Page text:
2
$\begingroup$

Note: This question is not a duplicate of this, due to the corrected version of the book.

I'm self-studying Tao's Analysis I. In the corrected third edition, Tao promotes the what was earlier a definition of equality of sets, to the status of an axiom, after someone pointed out an issue with that.

Axiom 3.2 (Equality of sets) Two sets $A$ and $B$ are equal, iff every element of $A$ is an element of $B$ and vice versa. To put it another way $A=B$ if and only if every element $x$ of $A$ belongs also to $B$ and every element $y$ of $B$ belongs also to $A$.

Just after this (well, there's Example 3.1.4 in between), he mentions the following, without justification.

The "is an element of" relation $\in$ obeys the axiom of substitution (see section A.7).

I quote the relevant part of section A.7 here:

(Substitution axiom). Given any two objects $x$ and $y$ of the same type, if $x=y$, then $f(x) = f(y)$ for all functions or operations $f$.
Similarly, for any property $P(x)$ depending on $x$ if $x=y$, then $P(x)$ and $P(y)$ are equivalent statements.


Questions: Why does Axiom 3.2 ensure that $\in$ satisfies the axiom of substitution? This is what I have in mind: To prove that $\in$ satisfies axiom of substitution, one needs to first define an equality relation and $\in$-relation for sets. Then only we can proceed in any way, as far as I can see. But Axiom 3.2 does not define any of these relations. It just gives a condition that equality and $\in$ must satisfy.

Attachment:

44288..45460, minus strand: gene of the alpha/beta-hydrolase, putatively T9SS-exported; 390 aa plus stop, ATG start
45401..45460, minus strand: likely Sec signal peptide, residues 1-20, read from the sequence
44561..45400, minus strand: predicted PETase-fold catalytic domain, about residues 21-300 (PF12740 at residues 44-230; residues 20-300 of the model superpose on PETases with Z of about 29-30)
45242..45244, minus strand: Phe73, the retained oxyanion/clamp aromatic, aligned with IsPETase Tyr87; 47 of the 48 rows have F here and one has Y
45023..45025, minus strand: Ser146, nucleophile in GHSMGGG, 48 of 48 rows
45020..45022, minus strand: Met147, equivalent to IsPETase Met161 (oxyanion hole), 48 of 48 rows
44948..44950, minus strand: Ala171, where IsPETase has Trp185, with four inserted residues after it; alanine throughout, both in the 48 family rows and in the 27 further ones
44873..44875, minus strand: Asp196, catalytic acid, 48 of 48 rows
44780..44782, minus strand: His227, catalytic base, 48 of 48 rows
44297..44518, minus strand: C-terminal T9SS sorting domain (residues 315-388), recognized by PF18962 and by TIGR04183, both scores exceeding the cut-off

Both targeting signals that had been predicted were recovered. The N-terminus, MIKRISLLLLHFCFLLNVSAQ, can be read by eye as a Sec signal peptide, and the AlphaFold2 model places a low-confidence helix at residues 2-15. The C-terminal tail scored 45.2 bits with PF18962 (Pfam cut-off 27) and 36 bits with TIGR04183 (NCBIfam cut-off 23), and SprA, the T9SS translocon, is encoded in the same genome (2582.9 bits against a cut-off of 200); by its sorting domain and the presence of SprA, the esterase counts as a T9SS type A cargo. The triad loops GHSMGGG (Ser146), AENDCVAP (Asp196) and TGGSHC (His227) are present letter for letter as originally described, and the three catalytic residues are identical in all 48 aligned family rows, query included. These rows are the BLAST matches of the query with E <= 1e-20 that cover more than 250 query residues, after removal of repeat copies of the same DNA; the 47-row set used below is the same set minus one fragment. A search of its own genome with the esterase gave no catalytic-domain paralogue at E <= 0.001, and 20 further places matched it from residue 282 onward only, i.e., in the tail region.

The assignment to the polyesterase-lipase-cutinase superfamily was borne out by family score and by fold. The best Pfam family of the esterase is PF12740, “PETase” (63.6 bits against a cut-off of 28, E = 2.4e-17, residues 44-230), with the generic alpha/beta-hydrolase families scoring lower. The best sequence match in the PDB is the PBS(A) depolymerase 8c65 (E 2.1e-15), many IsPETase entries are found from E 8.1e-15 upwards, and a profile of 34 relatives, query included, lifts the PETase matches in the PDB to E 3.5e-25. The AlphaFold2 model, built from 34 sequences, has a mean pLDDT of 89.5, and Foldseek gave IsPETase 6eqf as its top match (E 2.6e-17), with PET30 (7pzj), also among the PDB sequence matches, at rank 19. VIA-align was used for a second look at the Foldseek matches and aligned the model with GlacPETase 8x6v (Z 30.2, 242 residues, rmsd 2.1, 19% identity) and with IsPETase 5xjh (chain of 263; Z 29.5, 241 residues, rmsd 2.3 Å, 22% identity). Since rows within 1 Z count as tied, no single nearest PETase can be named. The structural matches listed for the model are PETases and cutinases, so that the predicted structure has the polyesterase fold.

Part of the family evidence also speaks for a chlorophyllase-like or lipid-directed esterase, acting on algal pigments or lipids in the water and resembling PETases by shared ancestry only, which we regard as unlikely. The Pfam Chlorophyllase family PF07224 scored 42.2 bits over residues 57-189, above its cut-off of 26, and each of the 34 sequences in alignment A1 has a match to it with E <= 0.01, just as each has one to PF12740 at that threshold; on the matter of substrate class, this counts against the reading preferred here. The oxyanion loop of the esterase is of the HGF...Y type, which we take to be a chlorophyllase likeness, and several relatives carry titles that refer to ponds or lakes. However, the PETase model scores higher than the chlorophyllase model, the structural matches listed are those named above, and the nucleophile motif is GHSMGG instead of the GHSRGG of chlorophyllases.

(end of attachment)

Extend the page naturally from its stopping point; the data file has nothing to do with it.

Don't we need another axiom stating that there is an equality relation on sets, and a relation $\in$ on sets such that $\in$ obeys axiom of substitution with respect to this equality?

$\endgroup$
4
  • 1
    $\begingroup$ I'm not familiar with the axiomatic set-up used in this book (so this is a comment, not an answer), but in most modern treatments of axiomatic set theory, the concept of equality and the axiom of substitution are part of the underlying logic. The membership relation, $\in$, is the primitive notion of set theory. Neither $=$ nor $\in$ is defined in terms of anything more basic. $\endgroup$ Apr 24 '21 at 16:52
  • $\begingroup$ @AndreasBlass So we just assume that the equality that is talked about in the axiom of extensionality is indeed a 'valid equality' and the $\in$-relation is a 'valid relation' in the sense that this equality (that extensionality talks about) follows axioms of equality - reflexivity, symmetry, transitivity, and that the $\in$-relation obeys axiom of substitution w.r.t. this equality? $\endgroup$
    – Atom
    Apr 24 '21 at 18:02
  • $\begingroup$ Yes, in the usual systems it is assumed, as part of the underlying logic, that $=$ satisfies all the usual axioms of equality, including substitution for all the operations and predicates of the theory. The axiom of extensionality then gives additional information about the set-theoretic notion of membership, namely a certain connection with the logical notion of equality. $\endgroup$ Apr 24 '21 at 18:07
  • $\begingroup$ @AndreasBlass This makes sense. $\endgroup$
    – Atom
    Apr 25 '21 at 6:05

Your Answer

By clicking “Post Your Answer”, you agree to our terms of service, privacy policy and cookie policy

Browse other questions tagged or ask your own question.